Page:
House of Fraser
Not quite gone and far from forgotten either, House of Fraser went into administration in mid-August 2018. There has been some wrangling over its CVA, who owes what to whom and so forth. But it has been bought up by Sports Direct.
Kays was a giant of the mail-order world. Well, it was in the UK. But a combination of tough trading conditions and changes of ownership have seen it become part of the Littlewoods retail group.
You might think that when the Duchess of Kent wears your clothes, a retailer would be able to fend off the turbulence affecting the sector. But LK Bennett, the upmarket fashion retailer, with almost 100 stores worldwide, proves that no one is safe. It was bought out of administration and a slimmed-down LK Bennett continues both online and off.
The high street booze retailer OddBins fell over twice – in 2011 and 2019. Maybe it was all the wine. But while some stores have closed, there are rumours that it might just make a comeback. One for the road? Cheers!
Stationery and office supplies are proving difficult to shift on the high street. Staples and Office Outlet have recently suffered a fate similar to that of Office World, which closed for business in 2006.
This designer fashion/homeware design business went into voluntary liquidation in2018. It only had a few stores and a website, but it had been a big hit best known for its vintage 70s prints. When it closed it had debts of around €8M and is now in the hands of administrators.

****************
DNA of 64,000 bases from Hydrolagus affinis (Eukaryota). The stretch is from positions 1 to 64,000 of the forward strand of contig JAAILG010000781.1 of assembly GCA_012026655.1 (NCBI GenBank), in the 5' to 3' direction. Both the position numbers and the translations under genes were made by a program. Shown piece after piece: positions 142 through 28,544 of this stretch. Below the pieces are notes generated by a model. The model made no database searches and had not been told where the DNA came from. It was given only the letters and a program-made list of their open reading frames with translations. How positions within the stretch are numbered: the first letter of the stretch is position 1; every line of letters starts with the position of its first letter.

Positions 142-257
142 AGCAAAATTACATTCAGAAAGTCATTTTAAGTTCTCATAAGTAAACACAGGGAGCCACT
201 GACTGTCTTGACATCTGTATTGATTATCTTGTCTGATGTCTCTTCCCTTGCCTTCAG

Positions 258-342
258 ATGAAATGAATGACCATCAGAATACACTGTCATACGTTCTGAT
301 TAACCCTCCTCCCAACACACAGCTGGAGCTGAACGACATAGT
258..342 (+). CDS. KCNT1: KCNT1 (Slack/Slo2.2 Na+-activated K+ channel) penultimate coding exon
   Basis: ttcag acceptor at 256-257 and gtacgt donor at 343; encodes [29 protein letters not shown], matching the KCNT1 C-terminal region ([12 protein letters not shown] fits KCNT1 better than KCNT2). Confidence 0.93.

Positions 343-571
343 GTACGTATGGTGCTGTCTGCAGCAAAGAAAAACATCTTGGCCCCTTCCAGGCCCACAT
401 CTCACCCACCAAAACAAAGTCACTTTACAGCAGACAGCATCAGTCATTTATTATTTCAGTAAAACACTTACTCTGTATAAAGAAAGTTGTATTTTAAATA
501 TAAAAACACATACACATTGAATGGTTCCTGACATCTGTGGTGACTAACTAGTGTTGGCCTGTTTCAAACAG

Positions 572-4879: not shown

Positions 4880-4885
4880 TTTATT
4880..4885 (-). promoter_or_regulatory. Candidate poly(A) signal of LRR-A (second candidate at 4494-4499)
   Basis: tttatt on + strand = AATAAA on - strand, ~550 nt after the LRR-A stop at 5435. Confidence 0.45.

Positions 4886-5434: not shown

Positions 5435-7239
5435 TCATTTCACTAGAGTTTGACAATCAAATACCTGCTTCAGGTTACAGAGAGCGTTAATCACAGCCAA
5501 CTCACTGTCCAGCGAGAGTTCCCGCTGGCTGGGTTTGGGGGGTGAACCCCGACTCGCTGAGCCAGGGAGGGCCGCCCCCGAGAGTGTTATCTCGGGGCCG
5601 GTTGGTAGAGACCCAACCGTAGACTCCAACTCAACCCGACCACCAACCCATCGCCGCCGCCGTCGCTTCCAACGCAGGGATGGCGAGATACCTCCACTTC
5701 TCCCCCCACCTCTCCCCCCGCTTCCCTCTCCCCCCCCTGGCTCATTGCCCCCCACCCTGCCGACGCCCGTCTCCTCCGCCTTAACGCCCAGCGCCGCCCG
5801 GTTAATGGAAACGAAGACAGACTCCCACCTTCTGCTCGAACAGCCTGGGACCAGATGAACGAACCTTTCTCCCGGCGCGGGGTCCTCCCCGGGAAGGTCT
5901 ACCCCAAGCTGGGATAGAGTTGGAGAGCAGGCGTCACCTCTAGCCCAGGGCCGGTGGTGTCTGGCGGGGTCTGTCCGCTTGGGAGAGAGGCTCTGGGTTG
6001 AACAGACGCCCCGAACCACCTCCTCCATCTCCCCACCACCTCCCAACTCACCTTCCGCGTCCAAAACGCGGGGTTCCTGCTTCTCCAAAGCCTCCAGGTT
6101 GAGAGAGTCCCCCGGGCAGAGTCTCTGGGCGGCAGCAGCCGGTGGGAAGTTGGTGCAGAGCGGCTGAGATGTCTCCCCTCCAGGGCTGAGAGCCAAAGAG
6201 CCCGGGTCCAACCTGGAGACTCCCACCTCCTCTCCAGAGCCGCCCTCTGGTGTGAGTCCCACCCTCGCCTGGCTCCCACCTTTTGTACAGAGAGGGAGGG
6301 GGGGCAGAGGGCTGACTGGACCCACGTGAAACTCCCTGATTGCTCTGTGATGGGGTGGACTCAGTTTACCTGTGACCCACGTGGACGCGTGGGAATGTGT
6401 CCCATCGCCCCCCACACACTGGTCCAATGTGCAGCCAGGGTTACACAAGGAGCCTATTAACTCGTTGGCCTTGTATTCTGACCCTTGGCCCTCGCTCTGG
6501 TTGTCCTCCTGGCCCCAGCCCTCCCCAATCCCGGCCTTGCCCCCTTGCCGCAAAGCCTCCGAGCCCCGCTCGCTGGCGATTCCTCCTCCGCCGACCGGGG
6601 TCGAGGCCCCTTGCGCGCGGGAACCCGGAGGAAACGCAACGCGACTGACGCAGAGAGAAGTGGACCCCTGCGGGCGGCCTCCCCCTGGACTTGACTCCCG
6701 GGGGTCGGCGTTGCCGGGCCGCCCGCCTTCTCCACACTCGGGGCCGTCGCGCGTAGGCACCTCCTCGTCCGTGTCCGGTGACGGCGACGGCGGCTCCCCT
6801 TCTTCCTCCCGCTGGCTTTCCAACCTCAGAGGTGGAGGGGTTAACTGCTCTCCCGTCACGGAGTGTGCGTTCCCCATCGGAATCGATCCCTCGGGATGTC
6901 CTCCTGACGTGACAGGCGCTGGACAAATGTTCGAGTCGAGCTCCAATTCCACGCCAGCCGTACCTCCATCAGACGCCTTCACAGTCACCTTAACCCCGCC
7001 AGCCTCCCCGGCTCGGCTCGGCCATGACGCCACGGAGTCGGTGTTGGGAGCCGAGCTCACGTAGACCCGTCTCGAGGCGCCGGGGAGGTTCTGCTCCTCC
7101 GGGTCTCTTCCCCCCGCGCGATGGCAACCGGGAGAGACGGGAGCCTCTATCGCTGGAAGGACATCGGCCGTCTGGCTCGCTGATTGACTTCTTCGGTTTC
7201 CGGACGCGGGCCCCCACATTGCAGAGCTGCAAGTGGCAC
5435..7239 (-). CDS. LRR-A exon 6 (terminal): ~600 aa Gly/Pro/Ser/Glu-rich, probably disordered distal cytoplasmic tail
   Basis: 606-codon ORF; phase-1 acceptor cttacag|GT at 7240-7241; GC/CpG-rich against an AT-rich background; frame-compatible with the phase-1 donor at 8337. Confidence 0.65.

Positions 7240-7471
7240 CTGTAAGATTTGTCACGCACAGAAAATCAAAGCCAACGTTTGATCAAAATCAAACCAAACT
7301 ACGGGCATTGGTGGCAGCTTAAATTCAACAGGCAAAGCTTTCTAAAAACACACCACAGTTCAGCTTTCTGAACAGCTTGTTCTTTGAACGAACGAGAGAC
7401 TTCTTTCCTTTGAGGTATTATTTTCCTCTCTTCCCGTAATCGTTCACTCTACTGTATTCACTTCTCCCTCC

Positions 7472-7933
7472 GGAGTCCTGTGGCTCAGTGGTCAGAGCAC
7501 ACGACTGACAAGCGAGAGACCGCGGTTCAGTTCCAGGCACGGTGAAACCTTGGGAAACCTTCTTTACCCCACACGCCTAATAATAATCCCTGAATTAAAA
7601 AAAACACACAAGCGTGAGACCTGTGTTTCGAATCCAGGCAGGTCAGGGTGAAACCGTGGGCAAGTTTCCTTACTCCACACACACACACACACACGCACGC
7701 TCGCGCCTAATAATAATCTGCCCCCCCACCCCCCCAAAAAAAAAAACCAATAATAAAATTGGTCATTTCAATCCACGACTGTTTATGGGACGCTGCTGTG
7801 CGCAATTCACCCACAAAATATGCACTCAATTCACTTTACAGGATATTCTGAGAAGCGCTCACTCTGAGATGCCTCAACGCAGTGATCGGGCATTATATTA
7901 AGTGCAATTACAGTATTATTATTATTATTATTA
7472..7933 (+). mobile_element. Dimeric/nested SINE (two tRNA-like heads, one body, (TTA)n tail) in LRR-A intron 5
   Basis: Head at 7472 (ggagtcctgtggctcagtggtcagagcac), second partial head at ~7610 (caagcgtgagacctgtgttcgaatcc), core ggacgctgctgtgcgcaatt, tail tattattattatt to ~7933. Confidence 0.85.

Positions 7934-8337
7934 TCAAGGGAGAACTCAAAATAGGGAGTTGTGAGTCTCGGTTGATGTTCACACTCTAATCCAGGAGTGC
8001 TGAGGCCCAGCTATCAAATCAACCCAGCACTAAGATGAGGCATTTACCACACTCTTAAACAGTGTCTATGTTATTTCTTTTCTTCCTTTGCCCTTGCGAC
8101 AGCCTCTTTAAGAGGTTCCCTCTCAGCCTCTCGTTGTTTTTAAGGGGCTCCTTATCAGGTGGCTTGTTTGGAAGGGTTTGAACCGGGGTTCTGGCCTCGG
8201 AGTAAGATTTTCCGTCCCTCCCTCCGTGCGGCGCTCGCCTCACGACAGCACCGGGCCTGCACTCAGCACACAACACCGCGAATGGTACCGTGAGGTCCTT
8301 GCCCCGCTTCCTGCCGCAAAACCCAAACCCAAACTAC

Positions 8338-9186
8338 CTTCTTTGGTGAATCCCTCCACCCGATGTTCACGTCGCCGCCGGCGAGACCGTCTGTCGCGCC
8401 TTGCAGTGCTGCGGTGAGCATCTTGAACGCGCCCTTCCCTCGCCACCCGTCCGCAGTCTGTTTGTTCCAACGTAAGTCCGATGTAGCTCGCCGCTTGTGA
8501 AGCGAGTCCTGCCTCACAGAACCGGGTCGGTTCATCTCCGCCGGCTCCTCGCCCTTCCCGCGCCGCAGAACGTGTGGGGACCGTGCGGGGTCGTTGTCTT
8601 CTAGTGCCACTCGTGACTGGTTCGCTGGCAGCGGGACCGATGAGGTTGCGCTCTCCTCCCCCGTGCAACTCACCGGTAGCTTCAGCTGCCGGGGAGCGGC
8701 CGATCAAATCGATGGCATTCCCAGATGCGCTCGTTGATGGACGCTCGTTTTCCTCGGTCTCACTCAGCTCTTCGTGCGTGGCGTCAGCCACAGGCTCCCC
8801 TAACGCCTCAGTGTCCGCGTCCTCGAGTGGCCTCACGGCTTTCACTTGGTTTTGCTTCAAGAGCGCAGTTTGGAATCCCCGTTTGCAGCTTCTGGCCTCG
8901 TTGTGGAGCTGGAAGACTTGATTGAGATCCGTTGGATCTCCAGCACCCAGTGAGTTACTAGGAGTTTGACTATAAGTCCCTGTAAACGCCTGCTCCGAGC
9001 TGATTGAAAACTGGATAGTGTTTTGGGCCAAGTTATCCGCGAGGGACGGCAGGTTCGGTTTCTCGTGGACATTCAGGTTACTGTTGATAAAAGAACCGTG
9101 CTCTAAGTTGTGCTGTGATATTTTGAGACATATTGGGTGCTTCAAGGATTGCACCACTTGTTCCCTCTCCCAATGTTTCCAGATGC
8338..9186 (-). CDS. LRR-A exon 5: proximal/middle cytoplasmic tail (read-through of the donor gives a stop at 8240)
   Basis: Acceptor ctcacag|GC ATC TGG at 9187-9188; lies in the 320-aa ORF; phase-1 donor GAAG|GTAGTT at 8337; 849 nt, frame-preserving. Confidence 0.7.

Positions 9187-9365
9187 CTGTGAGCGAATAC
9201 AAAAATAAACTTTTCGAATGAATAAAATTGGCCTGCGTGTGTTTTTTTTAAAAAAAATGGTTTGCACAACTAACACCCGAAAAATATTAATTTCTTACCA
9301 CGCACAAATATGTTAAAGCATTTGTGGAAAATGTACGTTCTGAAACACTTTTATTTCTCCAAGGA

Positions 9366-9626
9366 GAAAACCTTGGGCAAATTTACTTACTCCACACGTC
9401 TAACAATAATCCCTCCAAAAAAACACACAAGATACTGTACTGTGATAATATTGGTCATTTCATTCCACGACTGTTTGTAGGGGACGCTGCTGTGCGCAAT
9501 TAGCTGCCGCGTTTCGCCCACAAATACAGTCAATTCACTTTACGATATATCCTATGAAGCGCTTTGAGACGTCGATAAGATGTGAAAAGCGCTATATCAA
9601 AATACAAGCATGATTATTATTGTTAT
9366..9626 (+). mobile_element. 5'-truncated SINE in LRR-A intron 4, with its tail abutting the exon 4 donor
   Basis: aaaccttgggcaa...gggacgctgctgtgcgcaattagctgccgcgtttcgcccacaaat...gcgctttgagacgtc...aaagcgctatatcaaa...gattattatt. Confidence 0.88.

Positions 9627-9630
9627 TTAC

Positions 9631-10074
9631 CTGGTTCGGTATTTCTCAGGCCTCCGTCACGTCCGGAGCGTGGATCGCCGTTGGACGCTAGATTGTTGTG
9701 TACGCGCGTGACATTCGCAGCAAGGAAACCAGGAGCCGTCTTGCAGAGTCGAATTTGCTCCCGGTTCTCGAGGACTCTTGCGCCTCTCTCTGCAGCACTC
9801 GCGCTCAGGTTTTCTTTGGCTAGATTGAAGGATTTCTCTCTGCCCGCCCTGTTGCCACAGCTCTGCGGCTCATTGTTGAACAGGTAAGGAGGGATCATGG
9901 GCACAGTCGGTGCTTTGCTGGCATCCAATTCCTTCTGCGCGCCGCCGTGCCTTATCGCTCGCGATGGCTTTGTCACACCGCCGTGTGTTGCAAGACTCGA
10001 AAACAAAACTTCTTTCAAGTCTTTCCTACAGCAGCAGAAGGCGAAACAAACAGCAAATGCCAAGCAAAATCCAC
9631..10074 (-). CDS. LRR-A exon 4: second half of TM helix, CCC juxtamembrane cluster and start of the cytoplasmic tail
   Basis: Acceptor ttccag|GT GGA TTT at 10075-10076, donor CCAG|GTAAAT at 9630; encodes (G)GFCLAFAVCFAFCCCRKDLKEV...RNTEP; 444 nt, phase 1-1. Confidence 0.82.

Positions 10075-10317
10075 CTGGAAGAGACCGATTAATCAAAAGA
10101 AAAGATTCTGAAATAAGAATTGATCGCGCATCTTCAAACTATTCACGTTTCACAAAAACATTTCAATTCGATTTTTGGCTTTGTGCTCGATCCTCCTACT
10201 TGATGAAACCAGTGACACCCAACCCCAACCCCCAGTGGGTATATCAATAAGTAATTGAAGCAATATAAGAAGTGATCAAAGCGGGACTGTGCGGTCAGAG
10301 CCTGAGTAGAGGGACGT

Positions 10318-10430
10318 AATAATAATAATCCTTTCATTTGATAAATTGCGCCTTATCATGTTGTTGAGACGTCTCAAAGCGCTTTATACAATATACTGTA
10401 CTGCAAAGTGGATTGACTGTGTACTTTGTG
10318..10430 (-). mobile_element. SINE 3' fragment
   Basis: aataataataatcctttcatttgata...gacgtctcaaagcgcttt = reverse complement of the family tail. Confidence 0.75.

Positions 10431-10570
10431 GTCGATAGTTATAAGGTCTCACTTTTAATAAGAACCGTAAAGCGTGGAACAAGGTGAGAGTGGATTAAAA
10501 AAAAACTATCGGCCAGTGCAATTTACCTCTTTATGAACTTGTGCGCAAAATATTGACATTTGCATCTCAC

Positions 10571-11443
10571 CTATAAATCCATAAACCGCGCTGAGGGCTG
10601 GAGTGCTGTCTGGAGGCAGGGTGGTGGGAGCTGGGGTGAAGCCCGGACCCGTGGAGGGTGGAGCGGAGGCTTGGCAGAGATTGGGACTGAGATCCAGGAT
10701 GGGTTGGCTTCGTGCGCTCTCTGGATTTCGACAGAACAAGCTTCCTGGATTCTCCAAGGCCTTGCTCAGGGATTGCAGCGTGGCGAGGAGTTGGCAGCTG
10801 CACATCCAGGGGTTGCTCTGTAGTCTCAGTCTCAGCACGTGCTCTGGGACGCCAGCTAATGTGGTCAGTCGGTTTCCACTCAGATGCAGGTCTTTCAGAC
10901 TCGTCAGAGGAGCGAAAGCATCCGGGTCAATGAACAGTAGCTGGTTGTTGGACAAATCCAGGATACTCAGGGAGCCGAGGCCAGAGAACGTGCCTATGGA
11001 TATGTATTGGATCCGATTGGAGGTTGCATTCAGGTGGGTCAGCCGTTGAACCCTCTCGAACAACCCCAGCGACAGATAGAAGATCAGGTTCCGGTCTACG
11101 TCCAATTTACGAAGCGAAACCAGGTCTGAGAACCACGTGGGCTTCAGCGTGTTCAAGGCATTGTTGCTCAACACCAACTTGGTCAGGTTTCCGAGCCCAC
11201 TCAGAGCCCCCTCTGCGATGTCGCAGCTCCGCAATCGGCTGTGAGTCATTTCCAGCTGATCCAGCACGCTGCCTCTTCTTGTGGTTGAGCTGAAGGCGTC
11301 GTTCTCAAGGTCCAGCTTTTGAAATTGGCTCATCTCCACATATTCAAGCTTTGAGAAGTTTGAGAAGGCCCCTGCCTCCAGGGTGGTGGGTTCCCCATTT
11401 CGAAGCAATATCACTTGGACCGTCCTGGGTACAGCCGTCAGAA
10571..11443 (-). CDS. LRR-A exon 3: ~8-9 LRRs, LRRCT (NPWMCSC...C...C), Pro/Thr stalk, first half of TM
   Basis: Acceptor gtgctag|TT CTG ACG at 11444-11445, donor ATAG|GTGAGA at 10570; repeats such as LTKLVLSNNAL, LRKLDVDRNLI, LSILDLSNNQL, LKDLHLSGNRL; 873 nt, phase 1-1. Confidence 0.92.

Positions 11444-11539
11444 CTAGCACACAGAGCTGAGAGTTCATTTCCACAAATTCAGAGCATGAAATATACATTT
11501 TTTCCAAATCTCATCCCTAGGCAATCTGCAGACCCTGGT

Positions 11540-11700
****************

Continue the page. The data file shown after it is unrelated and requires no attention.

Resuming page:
From a modest start selling cassette tapes, Our Price grew to be the UK’s second-largest music retailer. It floated on the stock market and was passed around a slew of different owners until in 2004 the music finally stopped.
It was the world’s largest retailer. It built what was once the world’s tallest skyscraper. Now its swansong is being played out in the US courts after it filed for Chapter 11 last year.
With 169 stores across the UK, this fashion retailer called in the administrators in May of this year. It’s the second time in around 12 months that’s happened to Select, leaving 1,800 jobs hanging in the balance.
The Italian womenswear brand Stefanel, went into administration in June. It had restructured its borrowings in 2017, but had struggled ever since. Its two UK stores are affected.
Toys R Us
The 2017/18 Christmas and New Year period wasn’t big enough to stop Toys R Us, one of the most well-known toy retailers ever, from closing. It went into administration in February 2018 and most of its former sites are said to still be empty. Some have been demolished. But the brand may yet resurface in the US, so watch that space.
Originally part of FW Woolworth, this UK outpost of the retail group pulled the shutters down in 2008/9. It was one of those shops you visited when you’d looked everywhere else. It lacked an identity.
Should we lay the blame for all this change at Amazon’s door? No. That would be too simplistic – too binary. But there is a simple lesson here. The pace of change in retail, along with the scope and reach of that change, is like nothing the sector has experienced before. Loyalty still exists but it is now based around experience first and brand second for many shoppers. If you can’t adapt fast enough you could be in trouble.